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I have been working with some fun forensic command line tools. I have realized that while wireshark is fabulously powerful, it is not the easiest to get a "baseline" network reading or easily analyze network traffic for forensic evidence. I have used TCPdSTAT for a while, but it seems to be under developed for PCAP-NG file formats (at least as far as i can tell). I have since been working on one of my own LUA scripts as a TCPdSTAT-esque port. It is called TCPdShark. It needs some more development. But I have focused it on IRC, FTP, SSH, Telnet, ARP, and a few others. I created a simple dissector that looks for protocol names in the packet. I have been wanting to parse text captured from IRC packets much like how follow tcp stream does. However, it appears that dissectors only go partway into the packet details, and in order to get to the irc.request.trailer section of the packet wireshark only dissects the packet when its been clicked on.

I am trying to write my script that is more for offline analysis, and very automated. Is there a way to get wireshark to rip every packet down to its basic elements automatically, without requiring the user to click on each one? or use follow tcp stream?

I was also wondering if there is a way to make packet counts more accurate? I have a packet counting method to perform statistical analysis on the pcap file. However, some times TCP and UDP packet counts add ip to over 100% of the total packets captured. does anyone know how to explain this discrepancy?

I would also like to donate this script to the wireshark community for further use and development. is there a forum for that kind of stuff?

thanks again!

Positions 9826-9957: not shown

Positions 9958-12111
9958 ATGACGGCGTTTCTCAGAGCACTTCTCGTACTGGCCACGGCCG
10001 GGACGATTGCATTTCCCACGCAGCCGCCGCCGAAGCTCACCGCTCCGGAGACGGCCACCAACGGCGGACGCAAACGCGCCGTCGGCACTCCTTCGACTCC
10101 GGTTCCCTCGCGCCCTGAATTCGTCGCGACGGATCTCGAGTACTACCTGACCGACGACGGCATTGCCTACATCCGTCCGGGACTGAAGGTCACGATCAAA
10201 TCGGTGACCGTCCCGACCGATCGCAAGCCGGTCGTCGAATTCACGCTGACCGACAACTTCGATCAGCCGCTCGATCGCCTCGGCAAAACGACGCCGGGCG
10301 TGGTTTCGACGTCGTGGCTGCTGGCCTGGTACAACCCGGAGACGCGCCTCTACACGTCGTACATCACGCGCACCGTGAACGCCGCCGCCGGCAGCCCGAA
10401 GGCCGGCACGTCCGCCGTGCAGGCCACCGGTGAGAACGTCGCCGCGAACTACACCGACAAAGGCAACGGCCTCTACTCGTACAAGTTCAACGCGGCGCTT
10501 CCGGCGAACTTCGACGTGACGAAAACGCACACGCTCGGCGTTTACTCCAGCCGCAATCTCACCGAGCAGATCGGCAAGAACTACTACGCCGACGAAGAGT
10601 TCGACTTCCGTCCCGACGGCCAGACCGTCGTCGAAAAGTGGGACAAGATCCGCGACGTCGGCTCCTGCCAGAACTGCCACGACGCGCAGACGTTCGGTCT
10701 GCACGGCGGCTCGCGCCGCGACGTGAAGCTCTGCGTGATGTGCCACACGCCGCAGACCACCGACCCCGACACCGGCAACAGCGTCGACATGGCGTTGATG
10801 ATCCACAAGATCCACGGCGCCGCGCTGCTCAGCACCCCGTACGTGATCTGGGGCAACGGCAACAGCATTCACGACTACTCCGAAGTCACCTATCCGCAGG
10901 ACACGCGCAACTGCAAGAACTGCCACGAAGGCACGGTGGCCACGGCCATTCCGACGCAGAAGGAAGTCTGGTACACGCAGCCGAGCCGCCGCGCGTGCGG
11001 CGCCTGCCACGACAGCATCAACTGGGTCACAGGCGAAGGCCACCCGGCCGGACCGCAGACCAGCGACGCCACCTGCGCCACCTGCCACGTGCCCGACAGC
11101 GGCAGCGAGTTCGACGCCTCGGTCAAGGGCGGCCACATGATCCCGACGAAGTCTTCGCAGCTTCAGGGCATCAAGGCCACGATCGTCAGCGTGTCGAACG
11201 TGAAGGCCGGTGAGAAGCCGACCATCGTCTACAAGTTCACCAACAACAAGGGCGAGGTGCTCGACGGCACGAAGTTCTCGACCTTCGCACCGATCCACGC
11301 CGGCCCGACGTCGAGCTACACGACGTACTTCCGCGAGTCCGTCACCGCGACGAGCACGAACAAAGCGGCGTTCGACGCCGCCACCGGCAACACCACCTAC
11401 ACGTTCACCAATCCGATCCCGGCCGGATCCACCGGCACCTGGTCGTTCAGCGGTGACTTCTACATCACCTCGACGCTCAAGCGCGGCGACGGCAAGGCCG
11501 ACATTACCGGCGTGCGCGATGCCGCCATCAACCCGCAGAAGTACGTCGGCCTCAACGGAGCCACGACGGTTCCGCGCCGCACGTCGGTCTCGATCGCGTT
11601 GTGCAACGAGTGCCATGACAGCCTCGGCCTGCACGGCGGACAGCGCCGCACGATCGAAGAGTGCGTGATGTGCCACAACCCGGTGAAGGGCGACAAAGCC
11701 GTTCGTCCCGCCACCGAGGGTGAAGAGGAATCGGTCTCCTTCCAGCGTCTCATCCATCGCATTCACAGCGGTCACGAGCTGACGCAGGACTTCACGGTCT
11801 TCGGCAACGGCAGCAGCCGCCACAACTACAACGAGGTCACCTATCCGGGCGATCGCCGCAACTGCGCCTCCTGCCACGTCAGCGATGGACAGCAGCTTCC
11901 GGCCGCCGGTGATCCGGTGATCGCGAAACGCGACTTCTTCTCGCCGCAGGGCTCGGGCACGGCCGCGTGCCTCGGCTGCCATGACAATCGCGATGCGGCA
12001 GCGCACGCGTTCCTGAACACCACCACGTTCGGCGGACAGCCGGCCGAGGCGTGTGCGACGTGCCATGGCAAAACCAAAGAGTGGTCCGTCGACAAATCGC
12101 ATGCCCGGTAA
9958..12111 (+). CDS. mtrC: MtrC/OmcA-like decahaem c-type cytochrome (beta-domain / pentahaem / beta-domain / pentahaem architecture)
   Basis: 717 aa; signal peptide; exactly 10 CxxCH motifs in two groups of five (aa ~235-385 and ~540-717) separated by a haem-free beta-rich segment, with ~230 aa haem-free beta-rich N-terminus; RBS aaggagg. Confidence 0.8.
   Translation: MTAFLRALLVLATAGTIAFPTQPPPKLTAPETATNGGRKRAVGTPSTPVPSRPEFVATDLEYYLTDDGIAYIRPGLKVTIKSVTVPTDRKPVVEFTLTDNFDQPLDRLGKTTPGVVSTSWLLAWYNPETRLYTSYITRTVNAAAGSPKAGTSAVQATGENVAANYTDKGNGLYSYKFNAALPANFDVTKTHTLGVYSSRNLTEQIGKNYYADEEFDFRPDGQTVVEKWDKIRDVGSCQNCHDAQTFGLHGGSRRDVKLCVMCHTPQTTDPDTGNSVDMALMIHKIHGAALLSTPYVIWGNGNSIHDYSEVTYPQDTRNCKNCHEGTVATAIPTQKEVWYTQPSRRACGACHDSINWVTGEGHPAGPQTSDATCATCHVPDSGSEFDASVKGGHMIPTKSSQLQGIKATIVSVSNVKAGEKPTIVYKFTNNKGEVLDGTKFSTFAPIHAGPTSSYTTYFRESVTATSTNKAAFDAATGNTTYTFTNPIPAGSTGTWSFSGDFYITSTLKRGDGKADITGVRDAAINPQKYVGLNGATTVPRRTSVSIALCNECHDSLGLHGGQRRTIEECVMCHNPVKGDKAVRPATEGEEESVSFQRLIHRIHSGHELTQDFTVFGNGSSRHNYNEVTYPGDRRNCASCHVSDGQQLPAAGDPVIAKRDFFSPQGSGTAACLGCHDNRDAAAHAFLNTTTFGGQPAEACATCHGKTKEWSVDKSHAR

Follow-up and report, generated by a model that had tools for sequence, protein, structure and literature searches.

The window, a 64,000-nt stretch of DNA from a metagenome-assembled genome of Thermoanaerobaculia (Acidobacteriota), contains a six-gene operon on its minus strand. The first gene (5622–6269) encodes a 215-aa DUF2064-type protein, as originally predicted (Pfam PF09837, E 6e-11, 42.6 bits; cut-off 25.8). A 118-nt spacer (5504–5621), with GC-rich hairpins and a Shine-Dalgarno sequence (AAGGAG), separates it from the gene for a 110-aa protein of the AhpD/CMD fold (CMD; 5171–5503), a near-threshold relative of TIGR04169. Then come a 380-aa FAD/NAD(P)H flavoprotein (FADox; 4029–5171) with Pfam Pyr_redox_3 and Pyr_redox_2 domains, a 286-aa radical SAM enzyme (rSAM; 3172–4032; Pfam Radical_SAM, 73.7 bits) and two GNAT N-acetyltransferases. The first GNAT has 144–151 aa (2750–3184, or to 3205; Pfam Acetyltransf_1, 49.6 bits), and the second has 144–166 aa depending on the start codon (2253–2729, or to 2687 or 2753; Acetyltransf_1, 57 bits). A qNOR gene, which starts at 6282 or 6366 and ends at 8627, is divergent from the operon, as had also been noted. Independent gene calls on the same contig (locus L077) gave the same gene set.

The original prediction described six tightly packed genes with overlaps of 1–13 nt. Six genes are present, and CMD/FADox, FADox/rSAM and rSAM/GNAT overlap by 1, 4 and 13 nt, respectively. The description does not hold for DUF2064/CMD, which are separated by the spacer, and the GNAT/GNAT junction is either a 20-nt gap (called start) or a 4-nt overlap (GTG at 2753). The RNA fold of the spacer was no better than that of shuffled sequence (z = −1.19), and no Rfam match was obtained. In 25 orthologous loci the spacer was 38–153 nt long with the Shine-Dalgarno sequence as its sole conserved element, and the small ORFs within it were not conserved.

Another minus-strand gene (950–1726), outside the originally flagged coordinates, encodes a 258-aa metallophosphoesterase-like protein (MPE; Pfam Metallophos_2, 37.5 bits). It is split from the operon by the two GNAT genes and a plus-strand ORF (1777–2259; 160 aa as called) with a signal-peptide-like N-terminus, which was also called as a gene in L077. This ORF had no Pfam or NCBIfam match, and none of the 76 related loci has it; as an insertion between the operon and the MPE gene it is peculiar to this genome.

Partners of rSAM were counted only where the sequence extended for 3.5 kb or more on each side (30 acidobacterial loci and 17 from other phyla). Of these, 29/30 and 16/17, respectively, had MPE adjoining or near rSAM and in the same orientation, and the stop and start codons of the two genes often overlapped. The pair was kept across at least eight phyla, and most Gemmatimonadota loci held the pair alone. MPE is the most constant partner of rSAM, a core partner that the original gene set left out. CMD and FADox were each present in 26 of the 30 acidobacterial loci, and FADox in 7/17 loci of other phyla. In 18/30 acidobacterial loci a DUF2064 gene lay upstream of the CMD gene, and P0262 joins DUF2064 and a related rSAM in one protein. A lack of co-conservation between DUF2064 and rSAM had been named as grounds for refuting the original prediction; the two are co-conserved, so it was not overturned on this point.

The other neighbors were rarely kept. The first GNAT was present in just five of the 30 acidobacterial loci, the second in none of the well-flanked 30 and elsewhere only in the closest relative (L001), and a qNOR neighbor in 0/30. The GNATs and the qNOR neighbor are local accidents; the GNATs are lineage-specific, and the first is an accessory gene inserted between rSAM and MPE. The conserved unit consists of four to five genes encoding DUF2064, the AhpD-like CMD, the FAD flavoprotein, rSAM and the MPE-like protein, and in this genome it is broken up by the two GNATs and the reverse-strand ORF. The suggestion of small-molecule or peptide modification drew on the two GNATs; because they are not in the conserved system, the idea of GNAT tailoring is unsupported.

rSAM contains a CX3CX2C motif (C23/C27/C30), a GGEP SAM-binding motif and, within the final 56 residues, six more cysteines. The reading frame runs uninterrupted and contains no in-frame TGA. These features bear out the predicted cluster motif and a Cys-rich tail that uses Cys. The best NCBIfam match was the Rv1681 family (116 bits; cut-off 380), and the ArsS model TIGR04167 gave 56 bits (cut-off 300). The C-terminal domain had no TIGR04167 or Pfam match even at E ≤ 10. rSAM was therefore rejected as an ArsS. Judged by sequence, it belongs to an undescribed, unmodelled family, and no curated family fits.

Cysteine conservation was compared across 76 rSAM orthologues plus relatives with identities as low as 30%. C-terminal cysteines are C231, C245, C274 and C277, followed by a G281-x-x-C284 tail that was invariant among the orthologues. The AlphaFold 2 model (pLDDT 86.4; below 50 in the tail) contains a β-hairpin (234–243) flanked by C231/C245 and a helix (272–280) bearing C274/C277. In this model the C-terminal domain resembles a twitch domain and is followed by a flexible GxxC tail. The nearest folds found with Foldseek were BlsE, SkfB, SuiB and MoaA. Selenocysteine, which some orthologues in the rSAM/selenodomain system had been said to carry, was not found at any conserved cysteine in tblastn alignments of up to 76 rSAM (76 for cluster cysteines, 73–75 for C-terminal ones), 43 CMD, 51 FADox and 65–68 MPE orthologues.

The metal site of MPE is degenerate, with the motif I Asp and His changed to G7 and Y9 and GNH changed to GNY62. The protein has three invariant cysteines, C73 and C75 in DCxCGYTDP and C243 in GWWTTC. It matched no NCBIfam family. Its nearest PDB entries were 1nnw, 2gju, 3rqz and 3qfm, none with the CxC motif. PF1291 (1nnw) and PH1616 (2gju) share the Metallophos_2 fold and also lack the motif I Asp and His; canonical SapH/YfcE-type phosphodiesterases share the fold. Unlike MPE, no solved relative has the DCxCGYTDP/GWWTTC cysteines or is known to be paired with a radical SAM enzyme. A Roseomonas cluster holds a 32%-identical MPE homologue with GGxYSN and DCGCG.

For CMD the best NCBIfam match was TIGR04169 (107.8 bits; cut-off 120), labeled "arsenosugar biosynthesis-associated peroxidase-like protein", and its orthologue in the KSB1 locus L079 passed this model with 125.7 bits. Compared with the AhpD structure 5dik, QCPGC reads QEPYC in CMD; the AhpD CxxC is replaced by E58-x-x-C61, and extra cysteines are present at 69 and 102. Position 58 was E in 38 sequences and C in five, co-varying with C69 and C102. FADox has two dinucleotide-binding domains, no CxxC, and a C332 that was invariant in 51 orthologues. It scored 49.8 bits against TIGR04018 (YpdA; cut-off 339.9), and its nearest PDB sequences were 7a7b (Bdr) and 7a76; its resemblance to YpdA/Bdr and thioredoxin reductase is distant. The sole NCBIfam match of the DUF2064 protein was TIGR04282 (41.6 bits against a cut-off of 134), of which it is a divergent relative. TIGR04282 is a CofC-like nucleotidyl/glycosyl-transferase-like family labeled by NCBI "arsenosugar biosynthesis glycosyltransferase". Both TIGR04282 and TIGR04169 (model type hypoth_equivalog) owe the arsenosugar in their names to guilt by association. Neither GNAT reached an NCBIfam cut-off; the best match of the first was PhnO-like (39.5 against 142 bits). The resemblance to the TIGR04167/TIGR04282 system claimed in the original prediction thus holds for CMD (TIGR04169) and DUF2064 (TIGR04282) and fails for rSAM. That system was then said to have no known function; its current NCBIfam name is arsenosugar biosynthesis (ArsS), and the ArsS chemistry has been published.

asked 10 Mar '13, 14:10

T3CHKOMMIE's gravatar image

accept rate: 0%

I have used TCPdSTAT for a while, but it seems to be under developed for PCAP-NG file formats

The two versions of tcpdstat I've seen both use libpcap to read the capture file, so they should be able to read single-link-layer-header-type pcap-ng files on systems with libpcap 1.1.0 or later, such as OS X Snow Leopard or later, Solaris 11, sufficiently recent *BSDs and Linux distributions, and systems that don't come with libpcap on which you've installed libpcap 1.1.0 or later.

(10 Mar '13, 15:30) Guy Harris ♦♦

I created a simple dissector that looks for protocol names in the packet.

If you want to look at what protocols appear in the packet, create a tap that looks at the "frame.protocols" field, which is a string containing a colon-separated list of protocol names ("filter names", so TCP shows up as "tcp", for example).

(10 Mar '13, 15:32) Guy Harris ♦♦

Note that there's a bug in the IRC dissector in which it looses track of where it's dissecting, causing a malformed exception. Bug report has yet to be filed.

(11 Mar '13, 05:50) Jaap ♦

Good to know guys. Thank you for the heads up. Anyone know where I can put my script to allow people to collaborate? is there a wireshark repo? or should i just host it and post a link?

thanks again for the IRC bug. I have noticed those error I thought it was just the way I was taking in the dissected chunks!

(11 Mar '13, 12:25) T3CHKOMMIE
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question asked: 10 Mar '13, 14:10

question was seen: 2,620 times

last updated: 11 Mar '13, 12:25

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